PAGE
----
salamonson y., koch j., weaver r., everett b. & jackson d. (2010) Embedded academic writing support for nursing students with English as a second language. Journal of Advanced Nursing66(2), 413–421.
Title. Embedded academic writing support for nursing students with English as a second language
Aim. This paper reports a study which evaluated a brief, embedded academic support workshop as a strategy for improving academic writing skills in first-year nursing students with low-to-medium English language proficiency.
Background. Nursing students who speak English as a second language have lower academic success compared with their native English-speaking counterparts. The development of academic writing skills is known to be most effective when embedded into discipline-specific curricula.
Methods. Using a randomized controlled design, in 2008 106 students pre-enrolled in an introductory bioscience subject were randomized to receive either the intervention, a 4-day embedded academic learning support workshop facilitated by two bioscience (content) nursing academics and a writing and editing professional, or to act as the control group. The primary focus of the workshop was to support students to work through a mock assignment by providing progressive feedback and written suggestions on how to improve their answers.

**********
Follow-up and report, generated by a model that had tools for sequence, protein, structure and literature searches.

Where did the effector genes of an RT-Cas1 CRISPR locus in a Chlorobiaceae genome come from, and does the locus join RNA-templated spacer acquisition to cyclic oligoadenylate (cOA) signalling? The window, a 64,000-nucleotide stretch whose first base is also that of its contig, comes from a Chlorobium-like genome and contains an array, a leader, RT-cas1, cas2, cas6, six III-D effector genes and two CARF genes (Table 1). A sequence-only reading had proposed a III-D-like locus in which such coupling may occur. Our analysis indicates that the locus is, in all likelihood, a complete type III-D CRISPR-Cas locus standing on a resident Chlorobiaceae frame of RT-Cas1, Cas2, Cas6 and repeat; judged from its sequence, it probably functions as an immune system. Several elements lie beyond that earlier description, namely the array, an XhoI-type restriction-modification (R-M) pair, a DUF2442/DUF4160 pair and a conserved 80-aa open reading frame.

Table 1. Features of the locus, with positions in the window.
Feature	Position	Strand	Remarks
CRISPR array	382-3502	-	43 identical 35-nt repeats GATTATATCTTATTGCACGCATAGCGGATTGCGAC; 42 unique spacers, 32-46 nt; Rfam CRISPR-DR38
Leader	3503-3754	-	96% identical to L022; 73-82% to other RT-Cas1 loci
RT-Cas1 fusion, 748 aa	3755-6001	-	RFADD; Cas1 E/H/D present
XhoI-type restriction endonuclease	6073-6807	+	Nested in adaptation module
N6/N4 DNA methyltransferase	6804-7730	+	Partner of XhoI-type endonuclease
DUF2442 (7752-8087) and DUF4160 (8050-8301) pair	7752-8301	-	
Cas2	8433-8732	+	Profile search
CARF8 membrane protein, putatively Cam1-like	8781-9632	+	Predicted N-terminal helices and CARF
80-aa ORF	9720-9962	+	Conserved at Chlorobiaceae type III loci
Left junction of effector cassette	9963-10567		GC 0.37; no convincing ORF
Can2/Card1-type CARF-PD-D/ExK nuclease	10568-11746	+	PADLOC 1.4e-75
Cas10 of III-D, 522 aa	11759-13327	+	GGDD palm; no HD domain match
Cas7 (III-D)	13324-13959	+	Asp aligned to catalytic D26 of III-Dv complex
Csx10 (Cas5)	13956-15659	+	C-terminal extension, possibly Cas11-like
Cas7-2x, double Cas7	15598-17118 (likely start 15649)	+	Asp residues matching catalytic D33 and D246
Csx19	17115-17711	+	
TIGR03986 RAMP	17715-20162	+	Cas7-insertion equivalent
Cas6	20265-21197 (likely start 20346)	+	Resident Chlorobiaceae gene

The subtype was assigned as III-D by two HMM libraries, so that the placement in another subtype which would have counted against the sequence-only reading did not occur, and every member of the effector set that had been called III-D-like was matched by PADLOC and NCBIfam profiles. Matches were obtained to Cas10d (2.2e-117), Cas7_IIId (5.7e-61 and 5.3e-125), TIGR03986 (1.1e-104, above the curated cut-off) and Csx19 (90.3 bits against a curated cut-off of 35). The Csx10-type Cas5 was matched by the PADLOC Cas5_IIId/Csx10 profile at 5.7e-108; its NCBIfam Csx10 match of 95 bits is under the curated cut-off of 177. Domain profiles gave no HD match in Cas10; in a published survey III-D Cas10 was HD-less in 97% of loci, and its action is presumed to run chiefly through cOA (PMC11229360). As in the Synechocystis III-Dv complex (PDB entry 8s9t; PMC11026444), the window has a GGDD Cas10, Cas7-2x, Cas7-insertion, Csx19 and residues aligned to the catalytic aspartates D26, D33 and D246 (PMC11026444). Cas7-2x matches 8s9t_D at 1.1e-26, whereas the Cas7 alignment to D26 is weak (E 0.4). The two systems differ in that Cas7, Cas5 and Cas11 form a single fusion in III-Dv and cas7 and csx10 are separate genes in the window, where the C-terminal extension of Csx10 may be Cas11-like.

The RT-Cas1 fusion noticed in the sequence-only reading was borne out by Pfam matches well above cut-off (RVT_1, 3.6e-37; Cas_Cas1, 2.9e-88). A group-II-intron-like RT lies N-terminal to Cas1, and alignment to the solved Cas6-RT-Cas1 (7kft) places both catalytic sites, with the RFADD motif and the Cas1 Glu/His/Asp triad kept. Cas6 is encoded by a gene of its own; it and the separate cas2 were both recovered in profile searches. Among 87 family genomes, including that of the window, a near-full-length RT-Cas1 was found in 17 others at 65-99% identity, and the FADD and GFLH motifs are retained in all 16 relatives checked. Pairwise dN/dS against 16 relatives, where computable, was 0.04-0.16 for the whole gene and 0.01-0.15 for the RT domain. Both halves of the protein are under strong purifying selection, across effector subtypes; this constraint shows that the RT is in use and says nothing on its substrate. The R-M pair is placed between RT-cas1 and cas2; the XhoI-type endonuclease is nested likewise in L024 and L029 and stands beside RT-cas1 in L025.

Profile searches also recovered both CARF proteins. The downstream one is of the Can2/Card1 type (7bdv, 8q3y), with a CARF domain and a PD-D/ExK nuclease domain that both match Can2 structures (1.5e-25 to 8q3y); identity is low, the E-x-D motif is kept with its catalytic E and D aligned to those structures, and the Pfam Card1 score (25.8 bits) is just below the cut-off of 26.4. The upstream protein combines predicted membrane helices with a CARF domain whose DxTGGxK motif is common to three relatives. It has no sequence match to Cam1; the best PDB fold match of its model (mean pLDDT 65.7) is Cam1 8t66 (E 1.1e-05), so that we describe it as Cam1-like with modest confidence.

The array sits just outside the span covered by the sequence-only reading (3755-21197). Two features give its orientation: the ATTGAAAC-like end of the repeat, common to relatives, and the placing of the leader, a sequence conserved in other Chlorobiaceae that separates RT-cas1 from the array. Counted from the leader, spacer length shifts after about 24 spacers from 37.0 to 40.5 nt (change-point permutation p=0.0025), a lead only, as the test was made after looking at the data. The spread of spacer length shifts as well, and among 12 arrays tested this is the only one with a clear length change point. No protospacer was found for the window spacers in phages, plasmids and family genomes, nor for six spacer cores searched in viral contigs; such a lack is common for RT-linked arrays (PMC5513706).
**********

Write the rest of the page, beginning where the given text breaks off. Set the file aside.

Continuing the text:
Results. Of the 59 students randomized to the intervention, only 28 attended the workshop. Bioscience assignment results were analysed for those who attended (attendees), those randomized to the intervention but who did not attend (non-attendees), and the control group. Using anova, the results indicated that attendees achieved statistically significantly higher mean scores (70·8, sd: 6·1) compared to both control group (58·4, sd: 3·4, P = 0·002) and non-attendees (48·5, sd: 5·5, P = 0·001).
Conclusion. A brief, intensive, embedded academic support workshop was effective in improving the academic writing ability of nursing students with low-to-medium English language proficiency, although reaching all students who are likely to benefit from this intervention remains a challenge.